By Greg Stowers, Key Club International Director
I take a few steps outside of the crib (yes, I call my apartment the crib), and I’m right in the middle of downtown Indianapolis, Indiana. In my opinion, it’s the biggest and smallest city in the world. Big because of population (11th-largest city in the United States), but small because if you grow up here, you get to know everyone. It’s an interesting dynamic, as my hometown consistently makes headlines around the world, but it’s the people who have provided the support to make me a better person that remind me of the small town feel — and I’m incredibly thankful for it.
As Key Club International director, I work in conjunction with our student leaders, adult volunteers and fellow Kiwanis staff members to provide a member experience that taps into our core values of leadership, character building, caring and inclusiveness. Each year, I visit our international president soon after school starts to meet various individuals in that person’s life. K’lena Schnack, 2019-20 Key Club International president, is from Milford, Nebraska — a bit of a change from Indianapolis, but during my visit I was reminded of two important things.
First, being the Key Club International president is no small task. A variety of challenges present themselves throughout the year, from managing expectations to representing the best interests of members around the world. Delegation also plays an important role, but there are times when leaders must do the work as well — as evidenced by the time set aside on my week’s itinerary to pack food items for people in need. Months ago, we had discussed how K’lena planned to collect resources for a personal hygiene space for the less fortunate, and during my visit I saw the space coming together, thanks in part to her efforts. While the trappings and accolades of being international president are nice, it was awesome to see the foundation of her Key Club journey — the ability to lead and serve others — still prevalent. I know the same can be said for many leaders throughout our organization.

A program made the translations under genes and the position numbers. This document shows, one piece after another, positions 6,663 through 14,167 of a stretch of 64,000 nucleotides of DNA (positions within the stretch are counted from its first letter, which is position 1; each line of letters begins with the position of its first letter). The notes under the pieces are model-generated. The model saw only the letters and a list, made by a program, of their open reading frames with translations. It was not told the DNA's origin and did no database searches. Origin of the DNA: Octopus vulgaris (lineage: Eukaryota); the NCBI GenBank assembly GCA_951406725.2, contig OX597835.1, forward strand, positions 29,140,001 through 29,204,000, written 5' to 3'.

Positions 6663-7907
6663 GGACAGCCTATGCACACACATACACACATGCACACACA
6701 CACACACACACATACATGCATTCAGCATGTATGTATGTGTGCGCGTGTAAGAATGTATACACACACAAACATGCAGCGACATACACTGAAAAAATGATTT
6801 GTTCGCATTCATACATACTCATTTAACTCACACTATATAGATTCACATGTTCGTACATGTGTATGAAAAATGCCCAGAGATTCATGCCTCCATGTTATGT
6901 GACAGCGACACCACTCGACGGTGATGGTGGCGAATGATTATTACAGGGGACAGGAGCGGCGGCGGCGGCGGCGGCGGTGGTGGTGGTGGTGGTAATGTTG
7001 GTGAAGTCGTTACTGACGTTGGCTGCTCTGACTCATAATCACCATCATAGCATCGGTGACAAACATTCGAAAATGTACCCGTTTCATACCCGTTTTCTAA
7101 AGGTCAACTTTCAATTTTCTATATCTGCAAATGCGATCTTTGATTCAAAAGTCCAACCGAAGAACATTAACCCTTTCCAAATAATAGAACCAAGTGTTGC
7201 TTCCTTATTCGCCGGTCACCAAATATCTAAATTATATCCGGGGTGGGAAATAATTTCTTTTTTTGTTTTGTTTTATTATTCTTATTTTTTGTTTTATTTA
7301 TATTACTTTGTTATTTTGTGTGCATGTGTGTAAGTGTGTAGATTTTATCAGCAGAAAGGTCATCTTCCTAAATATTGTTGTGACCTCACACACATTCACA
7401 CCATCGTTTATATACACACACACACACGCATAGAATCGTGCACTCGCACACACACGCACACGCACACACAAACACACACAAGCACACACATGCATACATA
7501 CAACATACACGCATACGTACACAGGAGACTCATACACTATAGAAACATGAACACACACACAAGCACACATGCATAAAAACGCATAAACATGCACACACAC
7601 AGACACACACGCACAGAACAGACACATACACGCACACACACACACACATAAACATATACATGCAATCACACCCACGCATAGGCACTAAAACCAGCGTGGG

Secondly, support structures are important. It’s the parents who take time out of their schedules to meet with me — and the father who shows me embarrassing photos but still has an air of being incredibly proud.
It’s the principal who, while giving me a tour of Milford High School, shows an incredible level of pride in his students’ work.
It’s the older sister who has continued to serve her own community and instilled the same service mindset in K’lena.
It’s the Kiwanis family members from the Nebraska-Iowa District who showed up for the midday meeting and listened intently to K’lena’s remarks. As I surveyed the room, they all seemed incredibly proud, as they too have begun to recognize that Key Clubbers aren’t just emerging leaders, but leaders now.
While stories and titles may differ around the world, Key Club provides students the opportunity to make an impact. Whether you’re collecting books for an elementary school classroom or providing resources for hundreds of people, servant leadership provides us all with an incredible foundation. While I too have my own challenges in this role, I also get to see the work from Key Club members being done around the world, and it truly is an honor to serve as your international director.